Taubira spoke out on Wednesday after a far-right magazine sparked uproar among politicians both on the Left and the Right by depicting her as a monkey on its front cover.
The magazine Minute went on sale on Wednesday with a cover featuring a picture of Taubira with a headline that read: "Crafty as a monkey" and "Taubira gets her banana back".
The provocative cover page was an obvious reference to two other recent cases of Taubira being publicly likened to a monkey.
Speaking to French media Taubira described the pain the magazine cover had caused her family.
“I can take the shock, but it is vicious for my children and my family. These words suggest I don't belong to the family of humans and deny my membership in the human race.
“Justice must respond but also our society has to ask itself questions.
The series of incidents have triggered much soul-searching among liberal commentators over a perceived surge in intolerance.
Taubira warned last week that the country's social cohesion was under threat from a disintegration of long-standing taboos on the expression of overtly racist ideas.
When asked about the trivialisation of racist words and remarks Taubira said: “We must face this and fight.”
Prime Minister Jean-Marc Ayrault registered a formal complaint with the Paris prosecutor over the contents of the magazine.
The move triggered the opening of a preliminary investigation but, in light of France's strong tradition of freedom of expression, legal experts indicated there was little the government could do to prevent the 40,000 copies of the magazine that have been printed from reaching the public.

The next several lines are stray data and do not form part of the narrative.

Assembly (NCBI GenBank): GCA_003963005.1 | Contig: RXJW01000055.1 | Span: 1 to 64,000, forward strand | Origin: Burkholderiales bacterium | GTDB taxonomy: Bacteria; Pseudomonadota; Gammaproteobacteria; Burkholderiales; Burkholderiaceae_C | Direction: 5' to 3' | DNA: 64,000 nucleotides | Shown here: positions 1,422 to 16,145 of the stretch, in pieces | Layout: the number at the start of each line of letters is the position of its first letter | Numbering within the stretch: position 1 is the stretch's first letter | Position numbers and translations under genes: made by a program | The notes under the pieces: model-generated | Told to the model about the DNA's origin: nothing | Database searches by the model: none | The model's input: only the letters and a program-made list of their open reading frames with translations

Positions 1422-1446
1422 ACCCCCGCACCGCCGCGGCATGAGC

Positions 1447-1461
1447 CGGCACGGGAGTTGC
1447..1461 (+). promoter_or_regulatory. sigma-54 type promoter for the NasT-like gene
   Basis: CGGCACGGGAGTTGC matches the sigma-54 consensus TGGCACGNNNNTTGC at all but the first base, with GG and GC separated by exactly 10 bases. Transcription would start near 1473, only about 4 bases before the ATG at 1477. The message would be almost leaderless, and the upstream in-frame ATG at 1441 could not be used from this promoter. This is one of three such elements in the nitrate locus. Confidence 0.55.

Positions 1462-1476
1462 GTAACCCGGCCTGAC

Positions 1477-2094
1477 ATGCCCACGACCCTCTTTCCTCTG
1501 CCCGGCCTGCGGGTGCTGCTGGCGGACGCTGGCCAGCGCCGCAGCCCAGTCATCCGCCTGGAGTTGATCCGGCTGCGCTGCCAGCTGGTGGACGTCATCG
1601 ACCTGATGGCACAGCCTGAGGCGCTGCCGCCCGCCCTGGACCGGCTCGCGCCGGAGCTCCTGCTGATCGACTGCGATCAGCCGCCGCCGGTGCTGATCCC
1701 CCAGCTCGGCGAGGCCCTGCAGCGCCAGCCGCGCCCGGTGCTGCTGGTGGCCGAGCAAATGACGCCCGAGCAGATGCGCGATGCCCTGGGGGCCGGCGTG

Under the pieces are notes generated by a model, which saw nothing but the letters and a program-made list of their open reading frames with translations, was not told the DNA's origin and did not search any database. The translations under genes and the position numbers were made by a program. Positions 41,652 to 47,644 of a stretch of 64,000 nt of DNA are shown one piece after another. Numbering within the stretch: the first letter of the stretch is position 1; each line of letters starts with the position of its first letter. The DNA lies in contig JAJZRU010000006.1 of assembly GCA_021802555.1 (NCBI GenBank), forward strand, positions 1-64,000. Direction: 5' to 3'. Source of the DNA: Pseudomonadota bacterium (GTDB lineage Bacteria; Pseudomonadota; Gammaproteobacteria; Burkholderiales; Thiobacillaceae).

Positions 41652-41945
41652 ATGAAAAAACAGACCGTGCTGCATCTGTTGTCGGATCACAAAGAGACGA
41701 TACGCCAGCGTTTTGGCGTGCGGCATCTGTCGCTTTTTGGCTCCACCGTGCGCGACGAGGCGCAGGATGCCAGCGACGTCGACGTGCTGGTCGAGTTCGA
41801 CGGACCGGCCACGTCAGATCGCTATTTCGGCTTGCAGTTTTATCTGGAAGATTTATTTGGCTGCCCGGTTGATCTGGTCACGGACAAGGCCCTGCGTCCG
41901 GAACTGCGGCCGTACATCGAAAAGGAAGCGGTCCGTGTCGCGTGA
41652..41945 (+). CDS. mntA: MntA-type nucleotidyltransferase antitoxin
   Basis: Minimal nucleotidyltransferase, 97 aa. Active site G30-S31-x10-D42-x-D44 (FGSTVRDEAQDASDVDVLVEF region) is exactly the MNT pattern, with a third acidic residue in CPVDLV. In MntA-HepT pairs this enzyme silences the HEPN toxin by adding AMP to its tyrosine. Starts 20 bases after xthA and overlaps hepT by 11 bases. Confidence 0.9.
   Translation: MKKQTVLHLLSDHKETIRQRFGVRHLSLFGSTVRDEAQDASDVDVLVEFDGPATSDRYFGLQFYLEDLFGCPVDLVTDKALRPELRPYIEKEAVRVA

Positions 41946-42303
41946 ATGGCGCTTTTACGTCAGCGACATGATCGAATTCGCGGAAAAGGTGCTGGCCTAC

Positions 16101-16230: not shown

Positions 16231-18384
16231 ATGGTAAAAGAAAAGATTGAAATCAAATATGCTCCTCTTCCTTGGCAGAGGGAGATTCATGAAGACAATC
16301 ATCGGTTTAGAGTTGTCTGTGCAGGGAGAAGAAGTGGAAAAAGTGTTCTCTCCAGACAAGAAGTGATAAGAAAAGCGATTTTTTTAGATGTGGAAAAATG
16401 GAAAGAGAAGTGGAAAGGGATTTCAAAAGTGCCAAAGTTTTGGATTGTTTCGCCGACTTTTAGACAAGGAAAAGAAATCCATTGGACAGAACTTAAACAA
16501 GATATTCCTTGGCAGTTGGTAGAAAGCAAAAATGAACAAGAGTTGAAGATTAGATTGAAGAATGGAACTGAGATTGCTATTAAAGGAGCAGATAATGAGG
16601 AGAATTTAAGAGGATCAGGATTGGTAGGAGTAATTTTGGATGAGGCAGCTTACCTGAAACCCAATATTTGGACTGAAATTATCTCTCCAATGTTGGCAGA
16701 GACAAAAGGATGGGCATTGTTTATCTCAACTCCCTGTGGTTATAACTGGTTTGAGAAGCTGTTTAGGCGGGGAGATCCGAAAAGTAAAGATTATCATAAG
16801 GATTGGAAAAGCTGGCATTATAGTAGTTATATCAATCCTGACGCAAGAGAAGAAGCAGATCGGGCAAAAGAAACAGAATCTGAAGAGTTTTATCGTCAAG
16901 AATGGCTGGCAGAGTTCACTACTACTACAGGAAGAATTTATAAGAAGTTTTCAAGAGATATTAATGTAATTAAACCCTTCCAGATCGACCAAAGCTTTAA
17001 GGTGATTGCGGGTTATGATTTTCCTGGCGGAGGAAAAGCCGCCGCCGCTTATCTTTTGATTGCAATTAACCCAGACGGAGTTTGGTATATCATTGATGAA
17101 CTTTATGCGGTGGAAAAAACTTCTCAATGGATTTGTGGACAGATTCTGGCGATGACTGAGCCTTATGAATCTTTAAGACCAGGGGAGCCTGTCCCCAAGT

Black community leaders in France have also called for action to halt what they see as a rising tide of racism in the country.
According to Luis-Georges Tin, the chairman of CRAN (Representative Council of Black Associations) the front page of Minute is a sign of the times in France.
“It is an indicator of the strength of racism in our country, but the submerged mart of the iceberg remains discrimination in employment and housing.
“How many bananas does it take for a real plan against racism to be implemented,” Tin added.
In a front-page editorial, French newspaper Le Monde said there were real reasons for concern over the "abject" attacks on Taubira.
"It shows that the expression of a pure and hard form of racism ... far from having disappeared, is, on the contrary, becoming commonplace," the influential daily said.
"Little by little, dykes have been broken, taboos have been lifted, inhibitions have disappeared.
"And the incessant attacks on... 'political correctness' have awoken some old and hateful reflexes..."